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The employer will probably either not have correctly stored copies of your documents originally (or may not have recorded the date on which the check was made), or they are renewing records following a GDPR audit. There is no legal obligation for an employer to check and retain proof of right to work, but if they do so, then there would be a defence should it later be discovered that an employee was working without the necessary rights to work. They are probably looking to tighten up policies so that your data is retained correctly and with your consent and understanding of why these documents are held on file, and they have the necessary details on file stating that checks were made of the original documents and relevant dates when those checks were conducted

 

Actually, yes there is an obligation for an employer to check the right to work and retain documents. They must check and copy the provided documents, and must keep them for two years after the employee leaves.

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I had to Bring my passport to work last year to show i had a right to work in the UK

 

I have been working for the company for 30 years

Edited by colin11
make better sense
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The government guidance to employers is here if you are interested

 

https://assets.publishing.service.gov.uk/government/uploads/system/uploads/attachment_data/file/720858/29_06_18_Employer_s_guide_to_right_to_work_checks.pdf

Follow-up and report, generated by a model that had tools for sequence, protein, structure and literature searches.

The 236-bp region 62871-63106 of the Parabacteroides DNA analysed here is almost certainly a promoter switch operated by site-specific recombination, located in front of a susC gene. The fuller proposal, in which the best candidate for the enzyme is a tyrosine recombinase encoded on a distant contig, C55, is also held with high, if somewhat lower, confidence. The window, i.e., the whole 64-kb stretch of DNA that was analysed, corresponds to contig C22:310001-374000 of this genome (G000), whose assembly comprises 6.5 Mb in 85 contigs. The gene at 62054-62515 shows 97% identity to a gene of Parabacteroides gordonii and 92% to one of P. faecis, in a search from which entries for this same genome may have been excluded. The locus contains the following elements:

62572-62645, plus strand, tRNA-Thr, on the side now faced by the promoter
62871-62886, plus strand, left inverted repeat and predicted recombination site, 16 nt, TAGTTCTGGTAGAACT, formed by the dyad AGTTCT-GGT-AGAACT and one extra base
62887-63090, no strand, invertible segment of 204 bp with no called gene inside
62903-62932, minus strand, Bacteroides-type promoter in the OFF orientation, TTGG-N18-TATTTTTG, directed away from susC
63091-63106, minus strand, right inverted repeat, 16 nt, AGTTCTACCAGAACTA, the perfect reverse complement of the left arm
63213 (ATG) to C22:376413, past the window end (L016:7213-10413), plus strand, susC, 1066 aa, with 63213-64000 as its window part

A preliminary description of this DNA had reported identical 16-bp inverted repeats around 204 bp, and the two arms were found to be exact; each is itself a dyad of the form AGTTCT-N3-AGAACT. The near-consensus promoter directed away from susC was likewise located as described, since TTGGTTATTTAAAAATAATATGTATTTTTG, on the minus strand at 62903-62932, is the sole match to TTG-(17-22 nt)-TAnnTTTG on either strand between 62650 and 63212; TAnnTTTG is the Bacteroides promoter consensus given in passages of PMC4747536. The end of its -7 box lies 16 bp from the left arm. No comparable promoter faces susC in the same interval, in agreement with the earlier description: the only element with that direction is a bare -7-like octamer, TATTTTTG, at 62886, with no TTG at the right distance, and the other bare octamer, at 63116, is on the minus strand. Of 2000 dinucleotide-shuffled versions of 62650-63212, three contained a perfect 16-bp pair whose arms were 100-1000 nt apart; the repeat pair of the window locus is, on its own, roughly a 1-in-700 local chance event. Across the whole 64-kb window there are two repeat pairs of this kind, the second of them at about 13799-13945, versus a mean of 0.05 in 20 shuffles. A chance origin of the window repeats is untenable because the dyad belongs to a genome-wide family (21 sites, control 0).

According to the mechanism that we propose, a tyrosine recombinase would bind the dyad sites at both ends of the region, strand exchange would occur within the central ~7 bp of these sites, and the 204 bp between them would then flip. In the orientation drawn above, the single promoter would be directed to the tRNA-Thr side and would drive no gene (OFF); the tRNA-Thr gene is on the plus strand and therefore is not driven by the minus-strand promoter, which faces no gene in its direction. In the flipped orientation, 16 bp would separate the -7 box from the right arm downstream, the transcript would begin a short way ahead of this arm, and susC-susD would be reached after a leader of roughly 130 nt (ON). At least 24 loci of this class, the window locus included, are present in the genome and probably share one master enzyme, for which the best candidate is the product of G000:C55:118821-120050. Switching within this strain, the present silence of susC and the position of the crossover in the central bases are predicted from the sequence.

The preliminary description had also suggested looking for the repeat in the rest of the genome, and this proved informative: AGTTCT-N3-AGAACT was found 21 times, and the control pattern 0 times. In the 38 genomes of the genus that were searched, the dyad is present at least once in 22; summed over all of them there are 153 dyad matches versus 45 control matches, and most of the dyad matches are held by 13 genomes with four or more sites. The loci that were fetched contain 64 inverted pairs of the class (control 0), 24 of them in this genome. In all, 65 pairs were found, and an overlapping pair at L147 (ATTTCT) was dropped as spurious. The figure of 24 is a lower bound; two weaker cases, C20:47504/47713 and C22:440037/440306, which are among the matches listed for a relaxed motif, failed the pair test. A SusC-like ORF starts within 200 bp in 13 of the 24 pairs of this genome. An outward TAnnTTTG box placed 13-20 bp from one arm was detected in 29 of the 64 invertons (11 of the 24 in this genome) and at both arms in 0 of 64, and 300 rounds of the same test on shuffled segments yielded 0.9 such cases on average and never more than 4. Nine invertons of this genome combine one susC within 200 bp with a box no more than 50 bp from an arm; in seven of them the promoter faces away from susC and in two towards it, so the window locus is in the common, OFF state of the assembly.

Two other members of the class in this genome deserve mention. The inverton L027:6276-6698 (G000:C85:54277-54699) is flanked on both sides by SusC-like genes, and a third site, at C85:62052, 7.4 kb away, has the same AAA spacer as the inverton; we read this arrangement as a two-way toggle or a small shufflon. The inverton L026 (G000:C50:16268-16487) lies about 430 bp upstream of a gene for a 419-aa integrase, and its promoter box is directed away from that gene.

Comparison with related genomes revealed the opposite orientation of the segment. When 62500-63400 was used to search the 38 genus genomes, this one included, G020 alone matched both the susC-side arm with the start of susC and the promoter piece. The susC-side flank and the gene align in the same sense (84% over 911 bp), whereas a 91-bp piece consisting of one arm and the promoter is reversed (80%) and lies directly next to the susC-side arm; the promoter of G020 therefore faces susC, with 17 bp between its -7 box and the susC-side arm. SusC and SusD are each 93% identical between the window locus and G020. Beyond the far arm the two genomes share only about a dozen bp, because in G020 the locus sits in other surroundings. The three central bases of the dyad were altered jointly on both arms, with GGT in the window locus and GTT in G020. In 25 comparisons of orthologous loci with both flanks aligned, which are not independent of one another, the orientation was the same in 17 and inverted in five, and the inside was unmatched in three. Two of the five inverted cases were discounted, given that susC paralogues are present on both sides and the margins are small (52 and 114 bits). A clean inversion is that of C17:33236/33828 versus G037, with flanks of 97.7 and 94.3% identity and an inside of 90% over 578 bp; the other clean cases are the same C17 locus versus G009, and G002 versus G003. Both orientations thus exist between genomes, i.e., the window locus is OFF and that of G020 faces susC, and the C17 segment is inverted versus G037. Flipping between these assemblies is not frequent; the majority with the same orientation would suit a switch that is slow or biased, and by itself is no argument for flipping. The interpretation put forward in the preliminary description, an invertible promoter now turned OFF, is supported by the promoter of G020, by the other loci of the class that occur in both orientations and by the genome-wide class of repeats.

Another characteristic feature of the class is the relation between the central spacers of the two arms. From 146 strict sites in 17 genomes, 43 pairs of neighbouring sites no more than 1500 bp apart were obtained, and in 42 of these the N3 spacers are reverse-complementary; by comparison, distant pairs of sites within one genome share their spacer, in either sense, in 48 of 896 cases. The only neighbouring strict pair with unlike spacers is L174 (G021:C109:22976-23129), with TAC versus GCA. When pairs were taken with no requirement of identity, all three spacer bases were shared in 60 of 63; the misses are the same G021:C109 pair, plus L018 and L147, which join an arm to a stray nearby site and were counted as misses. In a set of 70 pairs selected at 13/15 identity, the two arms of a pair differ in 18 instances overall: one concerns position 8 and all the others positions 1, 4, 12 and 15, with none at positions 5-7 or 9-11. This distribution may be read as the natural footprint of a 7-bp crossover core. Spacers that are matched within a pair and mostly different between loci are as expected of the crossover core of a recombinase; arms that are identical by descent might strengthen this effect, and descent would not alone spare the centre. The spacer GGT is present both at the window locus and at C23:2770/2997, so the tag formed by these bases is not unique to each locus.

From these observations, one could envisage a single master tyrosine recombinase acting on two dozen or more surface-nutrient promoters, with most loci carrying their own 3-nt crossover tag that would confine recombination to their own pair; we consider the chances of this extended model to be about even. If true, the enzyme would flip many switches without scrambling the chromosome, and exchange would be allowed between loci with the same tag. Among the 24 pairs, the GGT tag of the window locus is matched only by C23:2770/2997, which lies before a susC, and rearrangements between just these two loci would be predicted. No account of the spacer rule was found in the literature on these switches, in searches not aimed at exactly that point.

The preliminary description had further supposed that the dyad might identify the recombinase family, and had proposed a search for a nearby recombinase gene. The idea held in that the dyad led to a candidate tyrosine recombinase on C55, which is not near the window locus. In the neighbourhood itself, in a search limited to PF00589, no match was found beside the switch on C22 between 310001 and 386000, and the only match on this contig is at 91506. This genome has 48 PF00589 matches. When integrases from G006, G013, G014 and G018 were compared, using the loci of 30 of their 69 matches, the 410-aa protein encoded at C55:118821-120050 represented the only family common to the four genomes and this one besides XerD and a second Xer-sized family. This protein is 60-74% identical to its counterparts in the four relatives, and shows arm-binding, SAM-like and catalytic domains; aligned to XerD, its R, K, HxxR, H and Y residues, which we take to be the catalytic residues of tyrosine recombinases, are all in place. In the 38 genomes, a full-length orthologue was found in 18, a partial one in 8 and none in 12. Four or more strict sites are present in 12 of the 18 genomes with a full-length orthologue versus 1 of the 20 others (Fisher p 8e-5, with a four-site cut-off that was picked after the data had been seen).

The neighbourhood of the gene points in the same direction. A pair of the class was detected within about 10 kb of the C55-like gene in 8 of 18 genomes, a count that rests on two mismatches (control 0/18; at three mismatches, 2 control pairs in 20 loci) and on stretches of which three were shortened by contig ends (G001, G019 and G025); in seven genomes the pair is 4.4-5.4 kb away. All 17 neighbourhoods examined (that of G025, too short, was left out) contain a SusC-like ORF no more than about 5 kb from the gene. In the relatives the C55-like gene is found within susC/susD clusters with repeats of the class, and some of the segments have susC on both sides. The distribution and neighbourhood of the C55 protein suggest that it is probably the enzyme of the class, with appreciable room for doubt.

Because employers have a statutory duty to keep a copy of your documents they do not need your consent under GDPR to copy and retain them.

 

 

I had to Bring my passport to work last year to show i had a right to work in the UK

 

I have been working for the company for 30 years

 

Same happened to me when the new law came in. Whole company had to bring in documents. It wasn't necessary for long serving employees though as according to Home Office "The law does not require employers to carry out retrospective checks on persons who lawfully commenced employment before 29 February 2008". I guess my employer was just doing it 'to be on the safe side', or maybe to make sure that people employed before 2008 were "lawfully" employed.

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Has the employer asked you to wear a belt and braces as part of your personal safety equipment?

Basically this is what it is about. Provide passport/driving licence and due to the new(ish) one stop identification gateway the govt has it should suffice.